London, Ontario – A judge in London, Ontario, ruled that the actions of a man convicted in the deliberate killing of a Muslim family constituted terrorism under Canadian law. Nathaniel Veltman, 23, was found guilty of four counts of first-degree murder and one count of attempted murder in the attack on the Afzaal family on June 6, 2021.

   Superior Court Justice Renee Pomerance stated that Veltman’s actions were a “textbook example of terrorist activity,” with the deliberate targeting of the family because of their Muslim faith. The family members killed in the attack were Yumnah Afzaal, 15, her parents Madiha Salman, 44, and Salman Afzaal, 46, as well as family matriarch Talat Afzaal, 74. The lone survivor, a young boy, also spoke during the sentencing hearing.

   The judge’s ruling designating the attack as terrorism resulted in an automatic life sentence with no chance of parole for 25 years for Veltman. Pomerance also handed down a concurrent life sentence for the attempted murder of the orphaned boy, the most severe penalty allowed under Canadian law. This marked a significant test of how Canada’s terror laws apply to white nationalists, sparking public debate and discussion.

   Relatives of the Afzaal family expressed relief after the sentencing, stating that the terrorism designation acknowledged the hate that fueled the attack. They also addressed the broader issue of normalized prejudice and fear of the “other” in Canadian society, highlighting the impact of hate hidden in plain sight.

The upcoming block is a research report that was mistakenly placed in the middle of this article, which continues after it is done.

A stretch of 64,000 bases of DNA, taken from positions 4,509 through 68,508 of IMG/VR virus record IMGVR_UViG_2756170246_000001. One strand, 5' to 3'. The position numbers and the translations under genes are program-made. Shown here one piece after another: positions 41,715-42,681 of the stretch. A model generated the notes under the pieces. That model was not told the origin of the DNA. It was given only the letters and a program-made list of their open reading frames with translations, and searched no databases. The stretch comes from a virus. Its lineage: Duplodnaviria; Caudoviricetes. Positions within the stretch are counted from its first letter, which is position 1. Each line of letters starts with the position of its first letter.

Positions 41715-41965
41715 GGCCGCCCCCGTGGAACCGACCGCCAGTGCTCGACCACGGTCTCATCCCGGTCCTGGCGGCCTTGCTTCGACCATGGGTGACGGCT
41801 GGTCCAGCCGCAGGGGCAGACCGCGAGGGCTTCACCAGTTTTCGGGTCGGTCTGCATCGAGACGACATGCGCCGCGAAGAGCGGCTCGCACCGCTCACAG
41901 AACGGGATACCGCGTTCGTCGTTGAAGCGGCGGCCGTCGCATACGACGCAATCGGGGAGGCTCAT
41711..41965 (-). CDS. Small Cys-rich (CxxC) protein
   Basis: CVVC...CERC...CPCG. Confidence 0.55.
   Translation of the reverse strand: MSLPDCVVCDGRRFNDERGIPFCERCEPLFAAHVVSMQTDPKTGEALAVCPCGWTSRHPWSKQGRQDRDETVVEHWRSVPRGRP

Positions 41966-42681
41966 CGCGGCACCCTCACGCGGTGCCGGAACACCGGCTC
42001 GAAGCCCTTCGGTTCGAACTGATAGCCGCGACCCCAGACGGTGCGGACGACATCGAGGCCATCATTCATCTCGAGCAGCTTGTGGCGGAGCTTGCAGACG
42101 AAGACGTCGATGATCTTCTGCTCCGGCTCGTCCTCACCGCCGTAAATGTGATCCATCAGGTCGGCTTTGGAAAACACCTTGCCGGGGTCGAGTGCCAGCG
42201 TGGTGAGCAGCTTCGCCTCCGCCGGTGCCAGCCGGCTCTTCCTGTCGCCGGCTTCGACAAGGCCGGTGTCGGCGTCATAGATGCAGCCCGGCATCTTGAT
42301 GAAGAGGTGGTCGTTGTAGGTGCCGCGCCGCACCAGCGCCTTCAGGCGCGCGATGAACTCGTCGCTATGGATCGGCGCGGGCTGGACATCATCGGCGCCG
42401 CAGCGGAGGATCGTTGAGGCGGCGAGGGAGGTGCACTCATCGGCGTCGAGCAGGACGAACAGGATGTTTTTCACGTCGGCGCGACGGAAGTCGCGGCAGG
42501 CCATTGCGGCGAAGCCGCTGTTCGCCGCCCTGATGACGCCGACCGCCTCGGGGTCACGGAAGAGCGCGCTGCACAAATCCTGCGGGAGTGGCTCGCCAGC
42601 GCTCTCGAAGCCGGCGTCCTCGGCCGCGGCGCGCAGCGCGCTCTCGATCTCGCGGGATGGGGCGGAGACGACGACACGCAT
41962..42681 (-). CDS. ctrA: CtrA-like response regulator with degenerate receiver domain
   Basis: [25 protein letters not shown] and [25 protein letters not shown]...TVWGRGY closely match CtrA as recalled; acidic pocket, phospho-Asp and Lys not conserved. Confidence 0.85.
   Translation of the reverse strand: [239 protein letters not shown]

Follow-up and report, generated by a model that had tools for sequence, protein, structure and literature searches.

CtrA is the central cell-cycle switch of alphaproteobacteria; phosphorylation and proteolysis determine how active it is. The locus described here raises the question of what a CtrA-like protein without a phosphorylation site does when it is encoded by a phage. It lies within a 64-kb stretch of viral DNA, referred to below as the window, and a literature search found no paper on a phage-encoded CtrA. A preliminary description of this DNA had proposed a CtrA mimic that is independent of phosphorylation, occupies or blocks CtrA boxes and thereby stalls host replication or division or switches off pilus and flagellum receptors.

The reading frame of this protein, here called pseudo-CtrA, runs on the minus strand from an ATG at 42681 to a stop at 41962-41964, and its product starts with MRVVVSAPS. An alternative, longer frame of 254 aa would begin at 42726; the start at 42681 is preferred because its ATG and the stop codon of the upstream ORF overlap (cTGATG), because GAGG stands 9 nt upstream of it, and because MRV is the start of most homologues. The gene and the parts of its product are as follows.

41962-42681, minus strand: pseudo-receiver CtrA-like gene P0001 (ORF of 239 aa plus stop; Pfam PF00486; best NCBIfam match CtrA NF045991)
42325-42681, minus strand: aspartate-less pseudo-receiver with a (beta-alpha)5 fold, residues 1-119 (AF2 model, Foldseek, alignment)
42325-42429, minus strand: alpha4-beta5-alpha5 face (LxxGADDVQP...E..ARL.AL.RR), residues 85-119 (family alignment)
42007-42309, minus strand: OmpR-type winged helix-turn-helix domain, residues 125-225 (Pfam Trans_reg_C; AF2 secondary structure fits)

Pomerance emphasized the role of social media and the internet in amplifying and spreading messages of hate, cautioning against the ease with which hateful ideologies can reach a broad audience. While detailing Veltman’s racist and white supremacist views, the judge made it clear that such ideologies have no place in Canadian society and will not be given a platform in the legal proceedings.

   The Crown’s case against Veltman was described as overwhelming, with clear evidence pointing to deliberate anti-Muslim hate as the motivation for the attack. The judge’s ruling was seen as an essential step in holding perpetrators of terrorism against racialized minorities accountable, reflecting the need for all individuals to feel a sense of belonging and safety in Canadian society.

   The significance of the case extends beyond the tragedy itself, serving as a warning about the potential impact of extremist ideologies and the urgent need to address them. The ruling serves as a reminder of the vital role of the justice system in safeguarding the rights and safety of all individuals, regardless of their background or faith.

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